In this second edition to James K. A. Smith's provocative book The Fall of Interpretation Smith reaffirms his arguments while offering an innovative approach to hermeneutics that takes of Christianity's central claims regarding sin, human ability, and divine revelation. The second edition of Smith's well-received debut book provides updated interaction with contemporary hermeneutical discussions and responds to criticisms.
Format: Paperback Number of Pages: 256 Vendor: Baker Academic Publication Date: 2012
Dimensions: 8.50 X 5.50 (inches) ISBN: 080103972X ISBN-13: 9780801039720 Availability: In Stock
In this provocative book James K. A. Smith, one of the most engaging Christian scholars of our day, offers an innovative approach to hermeneutics. The second edition of Smith's well-received debut book provides updated interaction with contemporary hermeneutical discussions and responds to criticisms.
James K. A. Smith (PhD, Villanova University) is the Gary & Henrietta Byker Chair in Applied Reformed Theology & Worldview at Calvin College in Grand Rapids, Michigan. In addition, he is editor of Comment magazine and a senior fellow of the Colossian Forum. He is the author or editor of many books, including the Christianity Today award winners Who's Afraid of Postmodernism? and Desiring the Kingdom, and editor of the well-received Church and Postmodern Culture series (www.churchandpomo.org).
With the absence of an 'interpretive police,' in the first edition of The Fall of Interpretation, James K. A. Smith worried how to keep at bay the charge of relativism. This revised edition unambiguously affirms the particularity of the Nicene tradition as the locale for genuine interpretation of Scripture. Smith cogently argues that we need the church's authoritative theological interpretation of Scripture to live with the varying degrees of the author's 'real presence' in the text. Hans Boersma, J. I. Packer Professor of Theology, Regent College
The first edition of James K. A. Smith's Fall of Interpretation cast a clear, sharp light on the important topic of difference in interpretation, and the contribution he made to the theological understanding of hermeneutics has still not been fully appreciated. This second edition, with a new introduction and an added chapter that draws on Smith's further years of philosophical, theological exploration, makes an even more powerful claim for the attention of anyone concerned about the prospects for hermeneutics. A. K. M. Adam, lecturer in New Testament, University of Glasgow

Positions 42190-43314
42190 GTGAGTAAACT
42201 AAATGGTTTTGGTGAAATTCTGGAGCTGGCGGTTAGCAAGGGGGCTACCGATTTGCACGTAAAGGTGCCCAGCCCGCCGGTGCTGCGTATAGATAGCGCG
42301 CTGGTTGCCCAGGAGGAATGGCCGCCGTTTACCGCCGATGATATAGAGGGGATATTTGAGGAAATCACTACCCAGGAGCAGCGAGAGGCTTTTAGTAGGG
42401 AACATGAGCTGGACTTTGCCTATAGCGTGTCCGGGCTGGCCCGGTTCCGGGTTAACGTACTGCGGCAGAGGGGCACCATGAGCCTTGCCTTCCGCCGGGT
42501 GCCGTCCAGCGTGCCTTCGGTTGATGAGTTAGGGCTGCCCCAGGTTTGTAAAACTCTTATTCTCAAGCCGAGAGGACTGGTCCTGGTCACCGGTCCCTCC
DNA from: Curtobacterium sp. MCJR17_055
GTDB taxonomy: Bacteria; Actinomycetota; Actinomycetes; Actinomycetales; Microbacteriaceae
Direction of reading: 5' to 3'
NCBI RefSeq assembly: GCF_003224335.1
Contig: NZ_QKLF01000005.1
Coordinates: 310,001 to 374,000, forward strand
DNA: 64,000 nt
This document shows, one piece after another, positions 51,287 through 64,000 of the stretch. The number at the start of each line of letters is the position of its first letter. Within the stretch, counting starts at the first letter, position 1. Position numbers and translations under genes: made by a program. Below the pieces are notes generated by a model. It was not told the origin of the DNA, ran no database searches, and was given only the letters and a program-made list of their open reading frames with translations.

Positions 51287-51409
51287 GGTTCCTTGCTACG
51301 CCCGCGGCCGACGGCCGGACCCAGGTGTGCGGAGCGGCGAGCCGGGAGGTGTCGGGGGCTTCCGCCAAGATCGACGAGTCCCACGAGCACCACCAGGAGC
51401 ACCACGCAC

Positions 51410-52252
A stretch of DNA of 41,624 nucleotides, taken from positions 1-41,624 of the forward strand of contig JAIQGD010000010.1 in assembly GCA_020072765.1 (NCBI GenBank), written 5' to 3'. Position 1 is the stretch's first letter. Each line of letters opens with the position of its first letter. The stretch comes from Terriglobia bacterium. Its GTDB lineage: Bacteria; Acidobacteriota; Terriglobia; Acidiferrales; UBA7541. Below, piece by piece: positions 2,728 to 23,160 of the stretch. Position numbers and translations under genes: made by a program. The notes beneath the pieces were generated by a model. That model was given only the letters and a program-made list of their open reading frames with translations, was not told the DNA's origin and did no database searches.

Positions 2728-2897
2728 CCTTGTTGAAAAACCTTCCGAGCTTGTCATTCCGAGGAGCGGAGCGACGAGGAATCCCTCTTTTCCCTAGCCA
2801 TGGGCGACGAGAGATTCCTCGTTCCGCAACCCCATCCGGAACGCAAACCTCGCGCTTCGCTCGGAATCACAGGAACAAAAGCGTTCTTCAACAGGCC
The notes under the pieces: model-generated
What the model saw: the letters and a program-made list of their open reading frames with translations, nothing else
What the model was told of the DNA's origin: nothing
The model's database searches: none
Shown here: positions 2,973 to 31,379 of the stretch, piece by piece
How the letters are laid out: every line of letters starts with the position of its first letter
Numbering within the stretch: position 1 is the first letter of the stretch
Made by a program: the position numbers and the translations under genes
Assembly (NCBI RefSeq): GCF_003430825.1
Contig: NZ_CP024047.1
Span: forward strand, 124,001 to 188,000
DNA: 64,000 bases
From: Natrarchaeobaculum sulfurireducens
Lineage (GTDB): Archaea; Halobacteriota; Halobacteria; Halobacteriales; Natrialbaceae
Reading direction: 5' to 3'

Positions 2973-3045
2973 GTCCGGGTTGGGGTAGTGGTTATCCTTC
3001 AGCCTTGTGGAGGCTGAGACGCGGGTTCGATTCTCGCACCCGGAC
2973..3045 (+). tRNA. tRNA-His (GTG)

In the hands of the unskilled or unwise, hermeneutics can be dangerous, fueling a blaze of apocalyptic fire where interpretation dissolves creaturely goodness into a relativistic morass. Nonetheless, as Smith persuasively argues, interpretation is inevitable. To reject it for 'immediacy' is to close one's eyes to the obvious. Smith shows how hermeneutics emerges not from our sinfulness but from our creaturely goodness. This second edition guides the reader along Smith's own path, resisting the 'emergent' temptation in favor of 'catholic' substance. D. Stephen Long, professor of systematic theology, Marquette University
The ineluctable plurality of interpretation, both of texts and of the world, belongs to creation in its goodness and not (merely) to the Fall. That is the thesis of this bold challenge to a whole spectrum of thought, which ranges from evangelical theology to deconstructive philosophy, that finds interpretation to be inherently fallen. On the basis of an Arminian Augustinianism [sic] and a Kuyperian Calvinism, Smith sketches a creational interpretation of interpretation. Both the critique of the contemporary consensus and the constructive alternative deserve widespread discussion. The scholarship is impressive and the writing is lucid. Merold Westphal, distinguished professor of philosophy, Fordham University
The Fall of Interpretation represents a major contribution to the ongoing discussion between Christian theology and contemporary continental philosophy...This is a brilliantly argued book from a major new voice in contemporary hermeneutical theory. John D. Caputo, Thomas J. Watson Professor of Religion and Humanities and professor of philosophy, Syracuse University